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Chronic Disease in the Twentieth Century

A History

George Weisz

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How the evolving concept of chronic disease has affected patients and politics in the United States and Europe.

Long and recurring illnesses have burdened sick people and their doctors since ancient times, but until recently the concept of "chronic disease" had limited significance. Even lingering diseases like tuberculosis, a leading cause of mortality, did not inspire dedicated public health activities until the later decades of the nineteenth century, when it became understood as a treatable infectious disease. Historian of medicine George Weisz analyzes why the idea of chronic diseaseā€¦

How the evolving concept of chronic disease has affected patients and politics in the United States and Europe.

Long and recurring illnesses have burdened sick people and their doctors since ancient times, but until recently the concept of "chronic disease" had limited significance. Even lingering diseases like tuberculosis, a leading cause of mortality, did not inspire dedicated public health activities until the later decades of the nineteenth century, when it became understood as a treatable infectious disease. Historian of medicine George Weisz analyzes why the idea of chronic disease assumed critical importance in the twentieth century and how it acquired new meaning as one of the most serious problems facing national healthcare systems.

Chronic Disease in the Twentieth Century challenges the conventional wisdom that the concept of chronic disease emerged because medicine's ability to cure infectious disease led to changing patterns of disease. Instead, it suggests, the concept was constructed and has evolved to serve a variety of political and social purposes.

How and why the concept developed differently in the United States, the United Kingdom, and France are central concerns of this work. In the United States, anxiety about chronic disease spread early in the twentieth century and was transformed in the 1950s and 1960s into a national crisis that helped shape healthcare reform. In the United Kingdom, the concept emerged only after World War II, was associated almost exclusively with proper medical care for the elderly population, and became closely linked to the development of geriatrics as a specialty. In France, the problems of elderly and infirm people were handled as technical and administrative matters until the 1950s and 1960s, when medical treatment of elderly people emerged as a subset of their wider social marginality.

While an international consensus now exists regarding a chronic disease crisis that demands better forms of disease management, the different paths taken by these countries during the twentieth century continue to exert profound influence. This book seeks to explain why, among the innumerable problems faced by societies, some problems in some places become viewed as critical public issues that shape health policy.

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Chronic Disease in the Twentieth Century

George Weisz

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Reviews

Reviews

This book is brave and insightful and succeeds in raising the possibility that cultural histories of health must acknowledge the distinct vocabulary and sociocultural definitions that are inherent to specific disease states. It is full of potential leads and insights, reference and analysis that will be consulted time and time again.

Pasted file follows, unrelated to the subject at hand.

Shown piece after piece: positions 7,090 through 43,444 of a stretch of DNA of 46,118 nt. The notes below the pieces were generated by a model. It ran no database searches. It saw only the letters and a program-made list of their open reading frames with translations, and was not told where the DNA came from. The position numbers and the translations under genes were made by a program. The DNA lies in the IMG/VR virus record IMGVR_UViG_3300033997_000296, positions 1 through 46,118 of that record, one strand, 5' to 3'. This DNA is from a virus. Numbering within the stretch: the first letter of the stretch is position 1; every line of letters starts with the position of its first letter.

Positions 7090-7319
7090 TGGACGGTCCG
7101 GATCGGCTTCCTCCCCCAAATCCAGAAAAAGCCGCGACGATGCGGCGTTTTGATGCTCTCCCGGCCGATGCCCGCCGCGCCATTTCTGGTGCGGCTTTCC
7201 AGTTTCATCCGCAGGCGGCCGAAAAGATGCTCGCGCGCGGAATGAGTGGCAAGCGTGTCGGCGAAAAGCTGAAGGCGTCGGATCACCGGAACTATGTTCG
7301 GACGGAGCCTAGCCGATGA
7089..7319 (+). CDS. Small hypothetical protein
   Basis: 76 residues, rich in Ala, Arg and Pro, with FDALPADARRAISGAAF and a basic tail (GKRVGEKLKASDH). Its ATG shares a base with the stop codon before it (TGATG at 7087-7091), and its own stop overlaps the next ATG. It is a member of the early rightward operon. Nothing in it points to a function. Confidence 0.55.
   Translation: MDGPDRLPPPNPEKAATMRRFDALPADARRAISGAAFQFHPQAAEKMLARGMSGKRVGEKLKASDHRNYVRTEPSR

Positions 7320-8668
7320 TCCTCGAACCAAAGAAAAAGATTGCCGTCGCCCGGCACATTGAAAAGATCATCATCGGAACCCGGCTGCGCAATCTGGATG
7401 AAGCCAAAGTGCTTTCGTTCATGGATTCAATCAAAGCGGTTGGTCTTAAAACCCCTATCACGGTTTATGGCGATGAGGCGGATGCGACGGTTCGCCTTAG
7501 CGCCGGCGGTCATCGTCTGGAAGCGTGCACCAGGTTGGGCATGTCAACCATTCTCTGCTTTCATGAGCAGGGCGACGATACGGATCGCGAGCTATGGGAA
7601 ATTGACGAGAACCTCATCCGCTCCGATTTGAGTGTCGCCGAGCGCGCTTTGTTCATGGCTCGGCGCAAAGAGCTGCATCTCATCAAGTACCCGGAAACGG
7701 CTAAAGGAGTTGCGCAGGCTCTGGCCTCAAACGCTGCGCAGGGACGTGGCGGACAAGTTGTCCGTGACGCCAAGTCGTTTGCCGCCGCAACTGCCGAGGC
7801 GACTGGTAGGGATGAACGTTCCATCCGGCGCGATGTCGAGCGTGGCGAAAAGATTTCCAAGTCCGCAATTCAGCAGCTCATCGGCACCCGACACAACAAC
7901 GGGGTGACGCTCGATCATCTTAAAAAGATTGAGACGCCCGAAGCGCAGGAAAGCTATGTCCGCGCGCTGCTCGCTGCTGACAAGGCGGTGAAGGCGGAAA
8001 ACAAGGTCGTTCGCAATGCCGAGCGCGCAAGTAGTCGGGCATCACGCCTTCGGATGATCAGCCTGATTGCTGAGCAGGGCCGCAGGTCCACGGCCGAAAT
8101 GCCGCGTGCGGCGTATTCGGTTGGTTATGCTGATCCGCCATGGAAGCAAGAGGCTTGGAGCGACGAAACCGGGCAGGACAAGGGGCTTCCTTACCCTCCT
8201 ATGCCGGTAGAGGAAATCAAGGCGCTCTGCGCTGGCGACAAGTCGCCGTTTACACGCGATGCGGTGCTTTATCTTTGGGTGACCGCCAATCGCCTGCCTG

Weisz shows beautifully that concern with chronic diseases is hardly new.

This is a valuable resource for all academic professionals in the health field, especially those in public policy.

This is a valuable study. It is the first long overview of the emergence of one of the most significant health policy issues in modern times.

As this book shows, chronic disease has long been neglected, by both health care systems and historians. Weisz took up the challenge of writing the history of a diffuse and undramatic concept, and has done it well.

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About

Book Details

Publication Date
Status
Available
Trim Size
6
x
9
Pages
328
ISBN
9781421413037
Table of Contents

Preface
List of Abbreviations
Introduction
Part I: Chronic Disease in the United States
1. "National Vitality" and Physical Examination
2. Expanding Public Health
3. Almshouses, Hospitals, and the Sick Poor

Preface
List of Abbreviations
Introduction
Part I: Chronic Disease in the United States
1. "National Vitality" and Physical Examination
2. Expanding Public Health
3. Almshouses, Hospitals, and the Sick Poor
4. New Deal Politics and the National Health Survey
5. Mobilizing against Chronic Illness at Midcentury
6. Long-Term Care
7. Public Health and Prevention
Part II: Chronic Disease in the United Kingdom and France
8. Health, Wealth, and the State
9. Alternative Paths in the United Kingdom
10. Maladies chroniques in France
Epilogue
Notes
Index

Author Bio
Featured Contributor

George Weisz

George Weisz is a professor of social studies and medicine and Cotton-Hannah Chair for the History of Medicine at McGill University in Quebec. He is author and editor of several books, including Divide and Conquer: A Comparative History of Medical Specialization, and co-editor of Greater than the Parts: Holism in Biomedicine, 1920-1950 and Body Counts: Medical Quantification in Historical and...